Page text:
Please beware that parallel universes are not a theory, merely a prediction of certain mathematical theories (such as cosmological inflation and unitary quantum mechanics), which have in turn passed some experimental tests (hence their popularity) but may be ruled out during new experiments in coming years. ...

You asked for more detailed material: you'll find a sample on (click either "Popular" or "Technical" depending on your taste), and please feel free to ask me direct questions on Facebook as well. The book is of course mainly on uncontroversial but fascinating recent discoveries in modern physics, from cosmology to particle physics, but Scientific American predictably chose to highlight some of the most controversial material.
So he blames SciAm for this choice? Tegmark has spent much of his career promoting the math (multi) universe. See his 2003 SciAm cover story on
Parallel Universes - Not just a staple of science fiction, other universes are a direct implication of cosmological observations and his defense to criticisms, The Multiverse Strikes Back. His own web site says:
Articles about the book
  • Discover magazine, December 2013 issue (excerpts from Chapter 10; paywall disappears December 3 2013)
  • Discover magazine (interview with me about a key idea from the book)
Those articles are titled, "Everything in the Universe Is Made of Math – Including You" and "Is the Universe Actually Made of Math? Cosmologist Max Tegmark says mathematical formulas create reality." So yes, the SciAm excerpt on the "key idea" from the book.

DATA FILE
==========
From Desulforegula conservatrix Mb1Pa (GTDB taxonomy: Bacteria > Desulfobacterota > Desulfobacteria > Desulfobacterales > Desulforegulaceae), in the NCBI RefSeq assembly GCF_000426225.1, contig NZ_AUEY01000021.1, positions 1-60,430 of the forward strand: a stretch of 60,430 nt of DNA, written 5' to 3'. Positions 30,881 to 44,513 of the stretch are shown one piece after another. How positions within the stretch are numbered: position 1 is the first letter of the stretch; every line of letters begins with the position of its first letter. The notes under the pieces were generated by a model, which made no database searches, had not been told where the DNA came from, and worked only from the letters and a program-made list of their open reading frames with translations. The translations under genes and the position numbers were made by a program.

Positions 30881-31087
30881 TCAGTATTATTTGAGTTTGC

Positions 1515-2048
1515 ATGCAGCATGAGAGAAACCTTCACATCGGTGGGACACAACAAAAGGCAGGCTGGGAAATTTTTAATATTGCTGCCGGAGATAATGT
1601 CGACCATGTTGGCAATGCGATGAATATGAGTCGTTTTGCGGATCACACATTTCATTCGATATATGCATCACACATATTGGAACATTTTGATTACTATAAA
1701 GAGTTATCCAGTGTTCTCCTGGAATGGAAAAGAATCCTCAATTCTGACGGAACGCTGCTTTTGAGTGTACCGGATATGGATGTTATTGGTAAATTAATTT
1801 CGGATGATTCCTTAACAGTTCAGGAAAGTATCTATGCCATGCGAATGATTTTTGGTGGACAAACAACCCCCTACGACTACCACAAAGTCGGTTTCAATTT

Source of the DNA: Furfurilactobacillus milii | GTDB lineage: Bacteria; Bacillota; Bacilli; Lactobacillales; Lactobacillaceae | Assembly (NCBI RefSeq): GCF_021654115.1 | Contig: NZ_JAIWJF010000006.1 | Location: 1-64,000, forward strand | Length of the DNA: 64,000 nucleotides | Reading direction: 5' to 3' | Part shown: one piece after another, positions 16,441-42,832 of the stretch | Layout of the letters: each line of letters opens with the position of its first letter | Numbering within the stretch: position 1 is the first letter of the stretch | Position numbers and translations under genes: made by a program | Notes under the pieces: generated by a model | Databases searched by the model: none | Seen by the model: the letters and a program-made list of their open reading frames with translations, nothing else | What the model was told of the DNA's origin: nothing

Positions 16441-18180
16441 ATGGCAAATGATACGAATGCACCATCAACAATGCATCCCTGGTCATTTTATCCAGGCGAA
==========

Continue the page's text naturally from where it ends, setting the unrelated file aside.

His proposal is silly because no one has ever reduced any physical object to math, not even a photon or electron. By his own admission, he needs to assume that randomness, complexity, and change (over time) are just illusions. These are philosophical issues that were debated by the ancient Greeks. His position is no stronger today than it was 2300 years ago.

Update: Woit reviews Tegmark.
I’m still though left without an answer to the question of why the scientific community tolerates if not encourages all this. Why does Nature review this kind of thing favorably? Why does this book come with a blurb from Edward Witten? I’m mystified.

Thursday, January 9, 2014

Predicting quantum computers

Brian Hayes describes quantum computers and writes:
The hardware doesn’t yet exist, but languages for quantum coding are ready to go.

The year is 2024, and I have just brought home my first quantum computer. When I plug it in and switch it on, the machine comes to life with a soft, breathy whisper from the miniature cryogenic unit. A status screen tells me I have at my disposal 1,024 qubits, or quantum bits, offering far more potential for high-speed calculation than all the gigabits and terabytes of a conventional computer. So I sit down to write my first quantum program. ...